Ridhwan Khan has the shiniest shoes and the biggest desk imaginable. But don’t let the gloss fool you, he is the roll-up-your-sleeves, hands-on founder of mobile device supplier Mobicel, which manufactures affordable phones and tablets specifically for the South African market.

Ridhwan Khan has the shiniest shoes and the biggest desk imaginable. But don’t let the gloss fool you, he is the roll-up-your-sleeves, hands-on founder of mobile device supplier Mobicel, which manufactures affordable phones and tablets specifically for the South African market.

While Khan may not have set out to create his own brand, establishing Mobicel eight years ago has positioned the Polokwane-born entrepreneur well to service Africa’s love affair with mobile. Increasingly, research into the growing African consumer market from the likes of McKinsey, Millward Brown and Nielsen talks of a market which is not only brand loyal but favours products tailored to their needs and preferences.

In fact, in a 2014 report from global marketing research firm Nielsen (Why marketing to consumers, not the masses, is the key to brand success in Africa) the researchers noted: “An analysis found that products developed or tailored specifically for Africa’s consumers achieve a success rate of 40%, well above the standard 10%.” When you drill down into the Mobicel story, and the customers it services, the reasons why Africans like home-grown brands becomes even clearer.

Prior to 2007, Khan’s business focused on refurbishing phones. He started out in the UK in 2001 and, in 2002, moved back to South Africa where he decided to concentrate on the informal market, the poorest socio-economic group and one which economists call the bottom of the pyramid (BoP) and marketers term LSM 1-4. In South Africa this market represents some 22% of all households, with the next band – the emerging middle class (LSM 5-7) – making up more than 52% of the market in 2014, according to research from Urban Studies.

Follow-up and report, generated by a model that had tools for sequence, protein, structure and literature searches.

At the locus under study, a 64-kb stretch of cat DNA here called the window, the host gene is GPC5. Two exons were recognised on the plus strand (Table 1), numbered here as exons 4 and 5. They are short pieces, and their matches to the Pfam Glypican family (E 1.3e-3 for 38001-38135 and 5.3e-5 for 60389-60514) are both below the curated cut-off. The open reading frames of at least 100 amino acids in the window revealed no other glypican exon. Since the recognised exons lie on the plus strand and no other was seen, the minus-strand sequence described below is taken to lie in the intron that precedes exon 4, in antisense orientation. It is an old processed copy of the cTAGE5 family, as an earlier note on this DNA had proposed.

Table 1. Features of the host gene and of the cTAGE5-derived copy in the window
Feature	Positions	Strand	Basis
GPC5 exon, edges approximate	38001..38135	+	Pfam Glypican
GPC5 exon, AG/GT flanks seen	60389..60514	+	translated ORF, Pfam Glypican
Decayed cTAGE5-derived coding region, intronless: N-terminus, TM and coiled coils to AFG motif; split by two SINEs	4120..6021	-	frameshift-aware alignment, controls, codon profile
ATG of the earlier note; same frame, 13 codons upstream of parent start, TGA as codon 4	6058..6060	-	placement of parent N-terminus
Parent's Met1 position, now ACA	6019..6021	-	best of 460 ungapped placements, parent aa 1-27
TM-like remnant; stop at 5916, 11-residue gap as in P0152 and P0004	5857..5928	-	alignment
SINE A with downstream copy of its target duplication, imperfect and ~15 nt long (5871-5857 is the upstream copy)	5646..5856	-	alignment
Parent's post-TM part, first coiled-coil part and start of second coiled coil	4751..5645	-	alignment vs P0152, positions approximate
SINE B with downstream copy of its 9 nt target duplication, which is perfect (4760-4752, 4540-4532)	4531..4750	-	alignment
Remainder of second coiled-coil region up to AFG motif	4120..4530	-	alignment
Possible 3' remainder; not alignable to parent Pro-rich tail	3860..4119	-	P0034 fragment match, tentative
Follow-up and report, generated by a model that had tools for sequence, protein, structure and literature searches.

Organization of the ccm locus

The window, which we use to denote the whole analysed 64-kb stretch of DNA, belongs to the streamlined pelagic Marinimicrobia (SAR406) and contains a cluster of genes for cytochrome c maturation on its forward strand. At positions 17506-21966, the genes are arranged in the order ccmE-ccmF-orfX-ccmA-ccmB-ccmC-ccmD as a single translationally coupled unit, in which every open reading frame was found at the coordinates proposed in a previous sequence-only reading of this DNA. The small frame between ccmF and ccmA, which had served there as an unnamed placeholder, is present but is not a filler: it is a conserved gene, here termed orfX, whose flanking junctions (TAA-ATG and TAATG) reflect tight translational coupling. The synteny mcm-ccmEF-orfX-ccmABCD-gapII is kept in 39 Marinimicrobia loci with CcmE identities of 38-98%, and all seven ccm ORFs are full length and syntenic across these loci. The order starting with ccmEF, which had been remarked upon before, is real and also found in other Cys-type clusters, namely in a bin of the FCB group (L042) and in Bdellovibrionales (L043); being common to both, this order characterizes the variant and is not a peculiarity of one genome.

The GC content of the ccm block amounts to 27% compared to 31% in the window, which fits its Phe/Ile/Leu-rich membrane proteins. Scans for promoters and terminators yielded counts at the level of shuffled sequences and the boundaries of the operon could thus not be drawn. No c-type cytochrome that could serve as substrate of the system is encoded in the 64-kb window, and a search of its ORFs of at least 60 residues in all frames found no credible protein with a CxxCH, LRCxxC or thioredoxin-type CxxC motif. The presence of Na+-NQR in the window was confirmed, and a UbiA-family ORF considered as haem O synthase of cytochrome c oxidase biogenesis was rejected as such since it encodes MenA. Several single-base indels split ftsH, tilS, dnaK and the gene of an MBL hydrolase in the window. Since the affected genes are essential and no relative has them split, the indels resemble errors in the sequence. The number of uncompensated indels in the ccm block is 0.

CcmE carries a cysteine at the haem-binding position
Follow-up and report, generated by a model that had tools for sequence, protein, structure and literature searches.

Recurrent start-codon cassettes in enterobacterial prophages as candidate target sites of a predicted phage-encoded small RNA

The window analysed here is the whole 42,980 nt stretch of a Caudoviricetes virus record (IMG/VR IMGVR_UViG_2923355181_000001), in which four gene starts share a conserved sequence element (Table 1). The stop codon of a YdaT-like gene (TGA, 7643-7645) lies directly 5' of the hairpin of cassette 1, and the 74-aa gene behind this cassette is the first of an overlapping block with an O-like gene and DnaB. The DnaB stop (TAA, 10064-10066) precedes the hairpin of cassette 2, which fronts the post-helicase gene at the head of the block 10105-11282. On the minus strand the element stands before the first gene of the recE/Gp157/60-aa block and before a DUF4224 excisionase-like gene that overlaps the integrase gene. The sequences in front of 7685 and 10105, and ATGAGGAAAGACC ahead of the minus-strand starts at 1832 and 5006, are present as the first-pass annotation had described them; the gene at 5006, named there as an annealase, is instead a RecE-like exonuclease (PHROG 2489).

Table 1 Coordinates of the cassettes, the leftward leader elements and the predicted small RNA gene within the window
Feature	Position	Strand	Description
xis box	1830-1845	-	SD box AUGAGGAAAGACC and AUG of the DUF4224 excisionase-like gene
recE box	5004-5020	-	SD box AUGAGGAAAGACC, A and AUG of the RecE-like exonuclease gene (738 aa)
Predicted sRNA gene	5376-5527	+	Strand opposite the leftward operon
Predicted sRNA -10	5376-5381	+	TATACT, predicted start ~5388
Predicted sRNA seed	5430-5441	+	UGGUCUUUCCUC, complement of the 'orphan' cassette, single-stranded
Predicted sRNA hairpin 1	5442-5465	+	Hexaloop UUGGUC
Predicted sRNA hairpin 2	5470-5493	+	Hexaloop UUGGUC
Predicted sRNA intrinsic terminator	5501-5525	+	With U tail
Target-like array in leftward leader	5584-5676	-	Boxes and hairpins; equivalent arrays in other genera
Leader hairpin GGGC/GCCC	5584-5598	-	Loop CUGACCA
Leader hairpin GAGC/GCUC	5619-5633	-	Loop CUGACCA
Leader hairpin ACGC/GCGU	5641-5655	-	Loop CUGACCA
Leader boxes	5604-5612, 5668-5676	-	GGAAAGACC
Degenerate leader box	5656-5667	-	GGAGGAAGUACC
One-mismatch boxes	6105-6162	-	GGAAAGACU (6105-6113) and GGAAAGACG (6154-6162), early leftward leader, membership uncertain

By 2005 he was selling more than 50 000 refurbished units a month. However, Khan recalls that servicing this informal market was challenging. “We found it very difficult to build a brand in the informal market,” he told Acumen. “You have spaza shops and small stores and they are just interested in selling a product, not building a brand. We found it difficult to get them to grasp the concept of a warranty and after-sales service. I witnessed it myself; that’s when I decided to change.”

He got out of the second-hand phone business almost overnight and self-funded a new venture: the creation of a sub-R1 000 phone designed to local market specifications. Mobicel was born.

Distribution coup

Looking back, through all the risk-taking and the bootstrapping, Khan admits that securing key distribution contracts with big retailers quickly was significant. His first stop was retail group Edcon; and he struck it lucky. “It’s quite difficult for them to buy into a brand that’s just come in,” he admits. “With devices and entry-level, tier-three devices you have this stigma of Chinese and ‘fong kong’ (fake brands), that’s something we fight on a day-to-day basis. It was a game changer when Edcon decided to list the product, but we also had to sell our souls to give it to them: we had to pack the product and we gave it to them on a consignment basis. It was the first time Edcon had bought on a consignment, and they only paid us for what they sold.”

But, again, Khan took the risk. “We believed in the product. Fortunately they sold more than they expected and it just grew from there. Once we had Edcon, the other retailers opened up, the likes of Foschini and Massmart. The big one was MTN; having a network backing your product is amazing. Now we have Cell C and we’re in discussions with Vodacom. So, in the last four years we now have listings with every major retailer in the country,” he says. The group also has a presence in Botswana, Namibia, Lesotho and Swaziland and Zimbabwe, where a local distributor handles distribution and logistics.

The PEP connection